If you pay close attention you will see that all of these services are similar if not the same in nature: logistics service – taking people from one place to another and taking products and food from one place to another. There are intricacies. The dynamics of each service are different but theoretically, they are not much different.

Another key characteristic of all these services is that it makes Pathao even more powerful as an aggregator and makes its customers reliant on it for more than one reason.

Many people consider Pathao (and similar ride-hailing businesses) to be a taxi service or a mere transportation app or a logistics company. But to my understanding, this is a mischaracterization of these businesses.”

I wrote this take in 2018 and almost every ride-hailing companies have since expanded beyond rides.

The relationship between ride-hailing companies and drivers

As mentioned earlier, ride-hailing drivers are currently treated as contractors and don’t enjoy the benefits that other transportation workers enjoy in Bangladesh. 

This classification is not unique to the Bangladesh market. It is the case for ride-hailing drivers in many markets. 

This definition, however, has come under serious scrutiny of late. And we have seen that ride-hailing companies had to change this classification in a number of markets and offer greater benefits to drivers. 

To understand the demands of The Dhaka Ride Sharing Drivers Union we have to understand the power dynamics of ride-hailing relationships. 

I wrote about this relationship dynamics in Ride-hailing Guidelines, The Business Of Ride-Hailing, And Tech, Aggregator and Technology Policy:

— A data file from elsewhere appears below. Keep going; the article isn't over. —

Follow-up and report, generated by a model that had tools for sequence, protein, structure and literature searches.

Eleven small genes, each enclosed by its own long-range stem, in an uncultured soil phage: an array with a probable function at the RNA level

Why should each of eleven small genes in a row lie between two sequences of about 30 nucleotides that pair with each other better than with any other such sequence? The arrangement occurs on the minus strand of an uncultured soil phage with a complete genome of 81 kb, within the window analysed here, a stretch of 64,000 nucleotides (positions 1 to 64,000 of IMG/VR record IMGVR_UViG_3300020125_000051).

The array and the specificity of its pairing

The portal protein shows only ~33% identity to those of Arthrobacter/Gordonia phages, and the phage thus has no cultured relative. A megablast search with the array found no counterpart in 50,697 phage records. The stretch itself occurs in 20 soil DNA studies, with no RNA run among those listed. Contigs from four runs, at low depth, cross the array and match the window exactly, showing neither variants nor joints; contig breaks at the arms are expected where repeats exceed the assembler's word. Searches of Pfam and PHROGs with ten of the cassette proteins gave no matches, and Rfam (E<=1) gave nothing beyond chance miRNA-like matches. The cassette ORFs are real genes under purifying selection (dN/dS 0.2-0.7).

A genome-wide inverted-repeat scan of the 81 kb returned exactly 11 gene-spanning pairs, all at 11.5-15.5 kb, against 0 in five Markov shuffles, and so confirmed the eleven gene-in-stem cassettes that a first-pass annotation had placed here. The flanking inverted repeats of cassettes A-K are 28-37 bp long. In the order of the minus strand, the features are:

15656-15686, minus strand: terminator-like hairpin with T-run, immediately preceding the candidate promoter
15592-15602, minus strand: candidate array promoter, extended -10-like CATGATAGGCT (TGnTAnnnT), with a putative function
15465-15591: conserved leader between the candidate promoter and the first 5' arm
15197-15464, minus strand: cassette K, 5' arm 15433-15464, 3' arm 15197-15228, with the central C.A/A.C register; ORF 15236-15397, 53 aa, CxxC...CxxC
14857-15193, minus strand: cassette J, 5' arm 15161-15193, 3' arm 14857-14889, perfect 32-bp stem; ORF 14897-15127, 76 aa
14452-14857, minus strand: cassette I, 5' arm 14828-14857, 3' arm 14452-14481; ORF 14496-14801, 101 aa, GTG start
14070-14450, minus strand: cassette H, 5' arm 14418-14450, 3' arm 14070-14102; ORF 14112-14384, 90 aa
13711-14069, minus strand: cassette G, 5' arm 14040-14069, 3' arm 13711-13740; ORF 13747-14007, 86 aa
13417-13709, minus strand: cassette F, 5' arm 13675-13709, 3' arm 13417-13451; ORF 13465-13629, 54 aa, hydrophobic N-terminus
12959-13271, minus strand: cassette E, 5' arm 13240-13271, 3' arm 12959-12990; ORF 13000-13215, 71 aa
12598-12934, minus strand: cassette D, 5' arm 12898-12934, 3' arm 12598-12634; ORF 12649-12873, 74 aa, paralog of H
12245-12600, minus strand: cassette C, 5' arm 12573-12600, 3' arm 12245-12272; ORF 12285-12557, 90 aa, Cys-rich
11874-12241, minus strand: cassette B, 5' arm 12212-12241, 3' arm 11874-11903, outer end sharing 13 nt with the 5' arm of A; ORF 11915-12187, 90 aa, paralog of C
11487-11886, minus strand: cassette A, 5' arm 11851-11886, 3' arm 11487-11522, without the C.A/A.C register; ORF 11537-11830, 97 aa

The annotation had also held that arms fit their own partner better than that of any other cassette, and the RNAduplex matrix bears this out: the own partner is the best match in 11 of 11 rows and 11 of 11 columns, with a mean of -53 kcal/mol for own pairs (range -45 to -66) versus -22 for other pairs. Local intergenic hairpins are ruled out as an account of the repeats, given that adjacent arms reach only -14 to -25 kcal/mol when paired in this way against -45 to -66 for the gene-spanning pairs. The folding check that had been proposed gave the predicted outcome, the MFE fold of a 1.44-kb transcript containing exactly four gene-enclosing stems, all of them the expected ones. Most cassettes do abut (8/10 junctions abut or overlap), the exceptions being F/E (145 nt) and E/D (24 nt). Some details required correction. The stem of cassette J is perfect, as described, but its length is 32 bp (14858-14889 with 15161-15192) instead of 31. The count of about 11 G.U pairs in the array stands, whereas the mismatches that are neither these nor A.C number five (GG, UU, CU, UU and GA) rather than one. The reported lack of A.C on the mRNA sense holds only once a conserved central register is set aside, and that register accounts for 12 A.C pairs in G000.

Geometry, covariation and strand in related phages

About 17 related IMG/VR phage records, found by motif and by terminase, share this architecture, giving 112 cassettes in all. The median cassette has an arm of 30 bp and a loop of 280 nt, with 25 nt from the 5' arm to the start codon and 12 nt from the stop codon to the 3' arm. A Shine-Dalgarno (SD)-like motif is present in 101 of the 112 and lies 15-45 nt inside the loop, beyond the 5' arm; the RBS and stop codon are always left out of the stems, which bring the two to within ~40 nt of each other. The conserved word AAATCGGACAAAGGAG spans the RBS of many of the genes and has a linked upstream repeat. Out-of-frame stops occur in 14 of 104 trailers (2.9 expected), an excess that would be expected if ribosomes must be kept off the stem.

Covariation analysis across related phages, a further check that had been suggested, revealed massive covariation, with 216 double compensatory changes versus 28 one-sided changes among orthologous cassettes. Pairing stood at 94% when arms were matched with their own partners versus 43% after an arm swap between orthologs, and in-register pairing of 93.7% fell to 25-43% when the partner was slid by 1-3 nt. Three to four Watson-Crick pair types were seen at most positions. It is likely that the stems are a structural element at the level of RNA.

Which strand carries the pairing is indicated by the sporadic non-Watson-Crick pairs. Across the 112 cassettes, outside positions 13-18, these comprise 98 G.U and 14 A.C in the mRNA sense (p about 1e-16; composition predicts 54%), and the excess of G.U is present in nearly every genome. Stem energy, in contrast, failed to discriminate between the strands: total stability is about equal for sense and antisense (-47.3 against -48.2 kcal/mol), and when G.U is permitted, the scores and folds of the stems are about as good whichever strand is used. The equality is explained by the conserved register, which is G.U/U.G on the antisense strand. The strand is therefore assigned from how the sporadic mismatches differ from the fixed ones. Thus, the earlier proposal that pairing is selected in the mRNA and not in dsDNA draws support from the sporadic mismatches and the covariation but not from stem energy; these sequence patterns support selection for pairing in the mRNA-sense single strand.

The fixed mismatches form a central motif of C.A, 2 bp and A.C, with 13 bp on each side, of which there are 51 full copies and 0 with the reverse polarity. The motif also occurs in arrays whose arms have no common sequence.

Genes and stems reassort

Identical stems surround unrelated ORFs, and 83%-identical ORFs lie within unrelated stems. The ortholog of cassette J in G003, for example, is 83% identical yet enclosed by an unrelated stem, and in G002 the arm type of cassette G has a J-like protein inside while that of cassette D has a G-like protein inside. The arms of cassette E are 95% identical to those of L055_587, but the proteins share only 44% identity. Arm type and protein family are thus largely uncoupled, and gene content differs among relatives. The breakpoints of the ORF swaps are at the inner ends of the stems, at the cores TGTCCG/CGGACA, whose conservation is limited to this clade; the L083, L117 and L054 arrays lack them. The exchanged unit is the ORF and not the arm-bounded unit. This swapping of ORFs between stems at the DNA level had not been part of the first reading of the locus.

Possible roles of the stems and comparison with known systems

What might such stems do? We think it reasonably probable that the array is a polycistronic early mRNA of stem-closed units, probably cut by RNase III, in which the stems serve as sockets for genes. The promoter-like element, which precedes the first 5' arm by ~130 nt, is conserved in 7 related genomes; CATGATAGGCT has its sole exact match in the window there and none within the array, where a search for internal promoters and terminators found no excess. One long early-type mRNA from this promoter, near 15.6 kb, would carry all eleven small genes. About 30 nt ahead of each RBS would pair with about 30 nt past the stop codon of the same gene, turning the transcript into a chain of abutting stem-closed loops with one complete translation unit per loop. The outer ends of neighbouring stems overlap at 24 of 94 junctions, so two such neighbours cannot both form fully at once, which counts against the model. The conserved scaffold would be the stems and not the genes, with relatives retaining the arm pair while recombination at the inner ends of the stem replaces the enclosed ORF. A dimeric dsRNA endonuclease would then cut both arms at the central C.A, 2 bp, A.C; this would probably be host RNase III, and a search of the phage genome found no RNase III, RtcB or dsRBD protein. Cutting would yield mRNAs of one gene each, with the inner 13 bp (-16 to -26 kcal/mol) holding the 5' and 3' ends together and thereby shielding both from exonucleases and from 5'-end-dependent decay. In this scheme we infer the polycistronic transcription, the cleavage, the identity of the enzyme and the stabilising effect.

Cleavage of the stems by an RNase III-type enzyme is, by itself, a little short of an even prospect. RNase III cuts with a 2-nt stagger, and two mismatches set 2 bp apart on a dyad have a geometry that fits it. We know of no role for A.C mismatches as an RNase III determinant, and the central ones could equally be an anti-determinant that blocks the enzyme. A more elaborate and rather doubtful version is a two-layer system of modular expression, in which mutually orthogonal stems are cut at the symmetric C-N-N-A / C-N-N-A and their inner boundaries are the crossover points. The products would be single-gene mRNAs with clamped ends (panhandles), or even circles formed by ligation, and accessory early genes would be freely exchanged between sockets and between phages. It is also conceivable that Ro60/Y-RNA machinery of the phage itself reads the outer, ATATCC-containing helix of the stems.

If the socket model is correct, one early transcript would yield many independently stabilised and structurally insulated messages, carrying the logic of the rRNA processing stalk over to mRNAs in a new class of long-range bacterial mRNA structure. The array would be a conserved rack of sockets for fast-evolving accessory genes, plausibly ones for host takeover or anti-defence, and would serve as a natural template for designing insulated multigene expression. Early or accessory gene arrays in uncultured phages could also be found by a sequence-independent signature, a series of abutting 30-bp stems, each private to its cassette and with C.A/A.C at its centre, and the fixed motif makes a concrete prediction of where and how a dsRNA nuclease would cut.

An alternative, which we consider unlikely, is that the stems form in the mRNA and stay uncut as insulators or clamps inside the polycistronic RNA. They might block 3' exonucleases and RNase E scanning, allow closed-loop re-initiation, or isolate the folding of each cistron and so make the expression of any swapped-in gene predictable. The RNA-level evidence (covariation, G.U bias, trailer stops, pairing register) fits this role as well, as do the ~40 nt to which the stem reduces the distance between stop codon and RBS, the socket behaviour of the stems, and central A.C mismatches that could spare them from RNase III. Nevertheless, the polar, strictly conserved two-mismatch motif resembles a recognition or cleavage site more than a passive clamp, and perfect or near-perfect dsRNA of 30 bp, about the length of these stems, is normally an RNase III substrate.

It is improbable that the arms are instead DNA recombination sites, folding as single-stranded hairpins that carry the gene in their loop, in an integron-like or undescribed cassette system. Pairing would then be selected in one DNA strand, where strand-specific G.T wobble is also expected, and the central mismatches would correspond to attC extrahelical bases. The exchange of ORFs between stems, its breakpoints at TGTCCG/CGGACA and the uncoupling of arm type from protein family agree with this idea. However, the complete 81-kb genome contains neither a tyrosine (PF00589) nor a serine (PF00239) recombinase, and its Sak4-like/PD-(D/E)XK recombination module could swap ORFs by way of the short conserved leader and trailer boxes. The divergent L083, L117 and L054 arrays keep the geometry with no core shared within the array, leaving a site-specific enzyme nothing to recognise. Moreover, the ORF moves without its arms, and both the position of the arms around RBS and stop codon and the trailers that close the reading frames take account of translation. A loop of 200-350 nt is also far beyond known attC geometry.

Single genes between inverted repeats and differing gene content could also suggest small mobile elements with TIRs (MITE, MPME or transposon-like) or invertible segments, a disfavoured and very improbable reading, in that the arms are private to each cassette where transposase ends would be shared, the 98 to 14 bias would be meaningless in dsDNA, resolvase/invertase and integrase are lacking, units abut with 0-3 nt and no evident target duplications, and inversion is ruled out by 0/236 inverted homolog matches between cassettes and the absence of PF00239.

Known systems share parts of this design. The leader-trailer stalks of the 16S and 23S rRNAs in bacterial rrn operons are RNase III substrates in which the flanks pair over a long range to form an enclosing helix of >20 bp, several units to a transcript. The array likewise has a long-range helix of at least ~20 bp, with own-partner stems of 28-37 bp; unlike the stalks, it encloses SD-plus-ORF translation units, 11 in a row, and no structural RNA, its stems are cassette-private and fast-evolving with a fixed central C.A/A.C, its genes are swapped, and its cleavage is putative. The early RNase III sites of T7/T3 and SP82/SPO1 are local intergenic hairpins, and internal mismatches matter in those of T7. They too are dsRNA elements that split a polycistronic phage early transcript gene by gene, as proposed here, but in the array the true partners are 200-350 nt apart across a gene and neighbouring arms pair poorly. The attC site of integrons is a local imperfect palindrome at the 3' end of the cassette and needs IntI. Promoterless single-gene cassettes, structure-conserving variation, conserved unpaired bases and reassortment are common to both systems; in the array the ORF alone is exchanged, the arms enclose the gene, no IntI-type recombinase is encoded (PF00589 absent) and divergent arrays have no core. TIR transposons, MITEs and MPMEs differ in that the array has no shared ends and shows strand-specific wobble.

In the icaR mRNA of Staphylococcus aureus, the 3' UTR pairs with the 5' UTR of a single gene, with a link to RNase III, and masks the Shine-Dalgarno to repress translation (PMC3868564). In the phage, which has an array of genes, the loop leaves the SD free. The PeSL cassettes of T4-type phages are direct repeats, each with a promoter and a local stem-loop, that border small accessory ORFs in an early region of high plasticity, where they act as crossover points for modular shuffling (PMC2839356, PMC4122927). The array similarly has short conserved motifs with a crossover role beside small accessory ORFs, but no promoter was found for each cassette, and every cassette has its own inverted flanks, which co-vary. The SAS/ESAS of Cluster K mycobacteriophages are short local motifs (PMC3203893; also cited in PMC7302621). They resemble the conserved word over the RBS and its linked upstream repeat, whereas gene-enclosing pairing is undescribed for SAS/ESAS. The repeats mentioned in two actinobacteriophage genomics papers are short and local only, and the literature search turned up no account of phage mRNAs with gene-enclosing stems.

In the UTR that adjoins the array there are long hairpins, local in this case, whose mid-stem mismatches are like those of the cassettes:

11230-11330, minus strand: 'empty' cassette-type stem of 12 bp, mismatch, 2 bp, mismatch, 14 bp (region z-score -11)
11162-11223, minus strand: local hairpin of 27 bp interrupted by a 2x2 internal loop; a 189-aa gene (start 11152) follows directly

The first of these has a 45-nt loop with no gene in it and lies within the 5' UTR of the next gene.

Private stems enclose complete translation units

“Ride-hailing is a demand-driven market and in a demand-driven market, it is not the supplier who maintains the upper hand, rather the one who controls the demand controls everything. In ride-hailing, platforms such as Uber, Pathao, etc control the demand meaning the customer interaction thus having the power to dictate the terms of the business.

Let me explain. For instance, in Dhaka there are two ride-hailing companies, hypothetically speaking, company X and company Y. And drivers and riders depend on these two companies for rides, albeit for entirely different reasons. Drivers for earning money, riders for transportation.

Essentially, drivers follow the riders. Wherever there is a rider, a driver will go to serve him/her because that’s how he or she gets paid. This means any company that can attract more riders can also attract more drivers. At the same time, more rides mean more liquidity of the cars and bikes and thus more rides for the bikers and better service for the riders.